Girls who are taller and leaner have a higher risk of developing endometriosis later in life, a 66-year follow-up Danish study suggests.
“A critical time window during which the disease develops is often missed, with women often experiencing diagnostic delays of several years,” Julie Aarestrup, PhD, researcher at the Center for Clinical Research and Prevention in Denmark, and the study’s first author, said in a press release.
“Our findings suggest that indicators of risk can be picked up at an earlier age, which might help speed up diagnosis so treatment can be started to slow the growth of endometrial tissue,” she said.
The findings were reported in a study, “Birth weight, childhood body mass index and height and risks of endometriosis and adenomyosis,” published in the journal Annals of Human Biology.
Although the symptoms of endometriosis may appear during early adolescence, diagnosis is usually delayed by a mean average of seven years. Recent data suggest that body size early in life may be used as a marker to assess the risk of endometriosis.
However, “no studies have evaluated height early in life in relation to endometriosis risks or associations between childhood body size and risks of adenomyosis,” the researchers wrote. Of note, adenomyosis is a condition thought to be associated with endometriosis, in which cells that usually line the inside of the uterus grow into its muscle wall instead.
In the study, researchers in Denmark investigated if birth weight, childhood body mass index (BMI) — a measure of body fat — and height could be associated with a higher risk of endometriosis and adenomyosis.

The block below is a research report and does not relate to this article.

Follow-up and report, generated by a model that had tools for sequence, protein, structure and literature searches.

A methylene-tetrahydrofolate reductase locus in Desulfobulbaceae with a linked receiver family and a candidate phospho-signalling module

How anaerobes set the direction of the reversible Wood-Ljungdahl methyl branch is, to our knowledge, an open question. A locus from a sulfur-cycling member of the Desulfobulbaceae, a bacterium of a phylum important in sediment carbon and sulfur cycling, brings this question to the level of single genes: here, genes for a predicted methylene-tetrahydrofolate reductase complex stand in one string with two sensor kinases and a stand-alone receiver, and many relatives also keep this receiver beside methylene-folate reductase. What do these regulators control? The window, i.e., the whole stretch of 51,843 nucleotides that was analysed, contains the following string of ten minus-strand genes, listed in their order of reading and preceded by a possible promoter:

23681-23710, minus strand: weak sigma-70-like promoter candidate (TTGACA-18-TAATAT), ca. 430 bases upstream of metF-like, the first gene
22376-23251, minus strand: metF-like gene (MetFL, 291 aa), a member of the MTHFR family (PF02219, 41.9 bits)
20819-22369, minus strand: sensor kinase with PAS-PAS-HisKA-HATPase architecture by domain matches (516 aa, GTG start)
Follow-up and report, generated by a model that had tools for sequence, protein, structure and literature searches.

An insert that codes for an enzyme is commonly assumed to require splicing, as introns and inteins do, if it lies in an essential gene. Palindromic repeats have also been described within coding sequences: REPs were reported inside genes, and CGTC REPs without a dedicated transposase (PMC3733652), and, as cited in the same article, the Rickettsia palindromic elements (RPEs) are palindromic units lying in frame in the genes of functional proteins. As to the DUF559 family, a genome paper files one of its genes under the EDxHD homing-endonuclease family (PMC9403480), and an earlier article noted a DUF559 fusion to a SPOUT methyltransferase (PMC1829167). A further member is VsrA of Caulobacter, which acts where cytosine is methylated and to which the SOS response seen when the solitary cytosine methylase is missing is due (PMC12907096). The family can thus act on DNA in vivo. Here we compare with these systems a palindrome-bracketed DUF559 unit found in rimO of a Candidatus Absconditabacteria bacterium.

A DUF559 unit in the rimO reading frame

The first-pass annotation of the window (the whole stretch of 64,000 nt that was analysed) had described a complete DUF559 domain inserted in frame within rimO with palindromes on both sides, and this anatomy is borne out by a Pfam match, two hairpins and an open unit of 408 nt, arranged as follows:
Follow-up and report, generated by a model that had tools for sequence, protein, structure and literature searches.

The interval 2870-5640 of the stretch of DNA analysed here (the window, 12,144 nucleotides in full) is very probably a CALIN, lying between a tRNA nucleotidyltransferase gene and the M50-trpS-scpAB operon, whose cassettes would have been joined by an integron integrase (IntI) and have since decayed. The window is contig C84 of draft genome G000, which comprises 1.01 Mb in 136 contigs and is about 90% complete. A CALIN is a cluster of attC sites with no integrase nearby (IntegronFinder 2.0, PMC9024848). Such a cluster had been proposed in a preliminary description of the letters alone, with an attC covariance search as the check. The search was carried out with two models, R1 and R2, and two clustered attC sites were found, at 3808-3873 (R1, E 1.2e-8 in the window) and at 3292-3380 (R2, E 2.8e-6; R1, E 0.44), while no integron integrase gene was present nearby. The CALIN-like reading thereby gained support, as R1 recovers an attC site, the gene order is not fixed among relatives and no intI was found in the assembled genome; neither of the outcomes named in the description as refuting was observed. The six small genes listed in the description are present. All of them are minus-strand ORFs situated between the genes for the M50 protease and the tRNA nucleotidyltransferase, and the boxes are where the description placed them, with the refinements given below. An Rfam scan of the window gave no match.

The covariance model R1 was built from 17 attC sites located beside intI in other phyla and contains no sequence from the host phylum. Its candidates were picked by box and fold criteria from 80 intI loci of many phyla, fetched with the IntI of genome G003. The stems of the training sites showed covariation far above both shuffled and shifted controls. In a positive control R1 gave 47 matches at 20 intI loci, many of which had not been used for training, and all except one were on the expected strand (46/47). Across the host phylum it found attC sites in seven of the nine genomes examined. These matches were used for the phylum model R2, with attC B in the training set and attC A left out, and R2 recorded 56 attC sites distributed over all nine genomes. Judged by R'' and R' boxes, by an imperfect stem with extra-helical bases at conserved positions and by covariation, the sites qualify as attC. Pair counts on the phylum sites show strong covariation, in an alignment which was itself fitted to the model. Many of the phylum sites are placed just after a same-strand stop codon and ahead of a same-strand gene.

To that end, they analyzed data from 171,447 girls, ages 7 to 13, who were born in Denmark from 1930 to 1996, and registered in the Copenhagen School Health Records Register.
During follow-up, there were 2,149 cases of endometriosis and 1,410 cases of adenomyosis. In most cases, endometriosis affected the ovaries (44.2%), and was diagnosed when women reached a median age of 37 years. Adenomyosis was diagnosed even later, at a median age of 45 years.
“Our study covered practically all children attending school in the Copenhagen area over many decades, both before and after the obesity epidemic, with virtually all of them included in the follow-up analysis,” said Jennifer Baker, PhD, the study’s senior author. “This makes the results an important contribution to our limited understanding of endometriosis, while also highlighting how much more we need to learn about the biological processes behind it.”
Results showed that children who had a lower BMI had a significantly higher risk of developing endometriosis, including ovarian and pelvic peritoneal endometriosis. Also, childhood height was positively associated with endometriosis, with taller girls having a higher risk of developing the condition.
For example, if two seven-year-old girls had a body weight difference of 2.3 kg, the leaner girl had an 8% increased risk of having endometriosis later in life, while a 5.2 cm difference in height was associated with a 9% increased risk of the disease.
No similar associations were found for adenomyosis, and there was no link between birth weight and endometriosis or adenomyosis. The link between childhood BMI and height and the risk of endometriosis was similar across the entire 66-year period covered by the study.
The extensive follow-up of 66 years suggests that biological factors are the reasons for these links, rather than socioeconomic factors such as access to medications and living conditions.
The investigators also pointed out that estrogen — an important hormone for growing in height during puberty which also promotes the growth of endometrial cells — could be the link between increased height and endometriosis. However, the reasons why lower childhood BMI is linked to a higher endometriosis risk are still unknown.
Overall, “we found that leanness and tallness during school ages were associated with increased risks of endometriosis, but not adenomyosis,” the researchers wrote. “As the associations differed between endometriosis and adenomyosis diagnoses, our findings highlight that investigations of risk factors should be done separately for these diseases.”
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